I don’t recall why I suddenly thought about the 1995 movie Denise Calls Up, but watching it almost 20 years later was entertaining.
It’s an indy film, with a small cast, that revolves around a group of New Yorkers who do nothing but talk on the phone about how busy they are. Since it’s 1995, the technology is funny — one of those shoulder rests attached to a phone handset, a chunky cell phone, blocky laptops, call waiting, those clicky-clunky IBM PC keyboards.
Frank (Tim Daly) and Gale (Dana Wheeler-Nicholson) are exes but still talk all the time. They’re trying to set up Frank’s friend Jerry (Liev Schreiber) and Gale’s friend Barbara (Caroleen Feeney), who finally hit it off telephonically after a bunch of missed connections. Any time any one sets up a real meeting, in person, everyone begs off with excuses about how much work they have. Meanwhile, Denise (Alanna Ubach) is calling Martin (Dan Gunther) because she’s having his baby with a sperm donation.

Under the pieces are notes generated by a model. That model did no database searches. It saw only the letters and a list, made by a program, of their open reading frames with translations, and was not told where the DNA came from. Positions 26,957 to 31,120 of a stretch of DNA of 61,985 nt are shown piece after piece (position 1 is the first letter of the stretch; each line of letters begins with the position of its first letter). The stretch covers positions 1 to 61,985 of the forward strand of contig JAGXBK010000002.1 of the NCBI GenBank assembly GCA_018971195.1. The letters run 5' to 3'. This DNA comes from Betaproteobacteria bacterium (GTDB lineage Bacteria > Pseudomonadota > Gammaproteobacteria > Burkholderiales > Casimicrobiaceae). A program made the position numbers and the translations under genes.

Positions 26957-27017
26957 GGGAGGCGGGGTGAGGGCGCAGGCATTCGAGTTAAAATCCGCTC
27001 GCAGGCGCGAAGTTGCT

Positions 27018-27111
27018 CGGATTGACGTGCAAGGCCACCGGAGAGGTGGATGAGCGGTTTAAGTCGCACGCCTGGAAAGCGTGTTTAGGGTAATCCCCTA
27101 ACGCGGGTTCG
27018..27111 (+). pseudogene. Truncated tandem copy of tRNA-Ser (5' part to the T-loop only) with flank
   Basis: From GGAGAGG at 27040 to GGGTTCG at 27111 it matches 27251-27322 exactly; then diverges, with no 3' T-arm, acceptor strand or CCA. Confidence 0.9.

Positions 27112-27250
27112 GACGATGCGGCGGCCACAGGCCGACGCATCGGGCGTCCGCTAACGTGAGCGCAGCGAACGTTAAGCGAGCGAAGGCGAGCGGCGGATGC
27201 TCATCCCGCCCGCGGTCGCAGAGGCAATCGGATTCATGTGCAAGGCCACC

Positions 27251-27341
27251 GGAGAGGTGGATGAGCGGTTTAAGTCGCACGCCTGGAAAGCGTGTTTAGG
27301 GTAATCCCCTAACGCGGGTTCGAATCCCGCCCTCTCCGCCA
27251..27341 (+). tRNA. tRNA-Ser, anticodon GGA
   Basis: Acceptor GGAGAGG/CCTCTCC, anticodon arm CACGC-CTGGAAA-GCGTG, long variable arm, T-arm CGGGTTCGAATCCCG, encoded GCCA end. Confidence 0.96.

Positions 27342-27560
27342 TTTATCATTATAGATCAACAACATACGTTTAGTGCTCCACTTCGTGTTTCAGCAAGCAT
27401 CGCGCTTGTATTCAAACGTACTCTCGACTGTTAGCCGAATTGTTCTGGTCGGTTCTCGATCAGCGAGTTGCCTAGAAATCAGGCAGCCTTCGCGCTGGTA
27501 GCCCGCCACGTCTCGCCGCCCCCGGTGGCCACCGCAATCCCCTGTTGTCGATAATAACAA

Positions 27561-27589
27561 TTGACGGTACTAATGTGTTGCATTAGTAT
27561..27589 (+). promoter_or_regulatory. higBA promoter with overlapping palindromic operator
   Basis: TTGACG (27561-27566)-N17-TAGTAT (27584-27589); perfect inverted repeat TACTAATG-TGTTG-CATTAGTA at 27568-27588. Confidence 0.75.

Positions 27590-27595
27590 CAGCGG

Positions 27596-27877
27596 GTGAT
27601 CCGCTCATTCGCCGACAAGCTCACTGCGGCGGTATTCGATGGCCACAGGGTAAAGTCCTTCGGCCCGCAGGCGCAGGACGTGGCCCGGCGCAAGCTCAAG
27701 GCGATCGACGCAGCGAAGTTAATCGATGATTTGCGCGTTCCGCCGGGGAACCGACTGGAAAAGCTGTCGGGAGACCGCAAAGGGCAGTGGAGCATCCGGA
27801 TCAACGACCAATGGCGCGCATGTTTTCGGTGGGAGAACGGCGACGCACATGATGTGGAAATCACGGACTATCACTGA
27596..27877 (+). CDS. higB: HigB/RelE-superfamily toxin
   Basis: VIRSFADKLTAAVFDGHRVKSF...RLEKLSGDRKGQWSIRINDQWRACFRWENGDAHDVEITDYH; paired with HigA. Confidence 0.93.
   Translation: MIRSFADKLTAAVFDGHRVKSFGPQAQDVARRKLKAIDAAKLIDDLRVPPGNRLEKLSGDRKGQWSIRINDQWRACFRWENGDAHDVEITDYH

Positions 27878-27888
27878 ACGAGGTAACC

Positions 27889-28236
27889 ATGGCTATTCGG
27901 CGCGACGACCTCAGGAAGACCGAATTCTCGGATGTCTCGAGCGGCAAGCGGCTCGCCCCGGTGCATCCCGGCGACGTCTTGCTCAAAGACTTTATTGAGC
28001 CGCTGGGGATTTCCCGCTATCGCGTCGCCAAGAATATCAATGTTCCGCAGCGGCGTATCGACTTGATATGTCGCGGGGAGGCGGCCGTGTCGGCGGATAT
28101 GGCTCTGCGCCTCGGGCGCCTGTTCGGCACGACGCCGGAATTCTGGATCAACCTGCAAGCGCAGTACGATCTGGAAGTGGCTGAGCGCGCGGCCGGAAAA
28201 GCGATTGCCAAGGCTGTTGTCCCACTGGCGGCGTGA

Gale (Dana Wheeler-Nicholson) in Denise Calls Up
Barbara (Caroleen Feeney) in Denise Calls Up
The reason this film has stuck with me all these years is because there’s a late scene that perfectly captures a weird modern fear. One of the cast members is on the car phone, leaving a message on another’s answering machine, when there’s an accident, so the last words are left on tape, followed by the crash noises.
Frank (Tim Daly) in Denise Calls Up
There’s also a fascinating conference call, with most of the characters connected on the line as one gives birth.
If you sub in email for all the phone calls, it’s still an intriguing picture about how we seek to connect with each other and have a hard time dealing with significant relationships. Even if I did want to slap most of the characters at one point or another.
Jerry (Liev Schreiber) tries phone sex in Denise Calls Up
(For another time capsule moment, check out the studio’s webpage for the film from 1996.)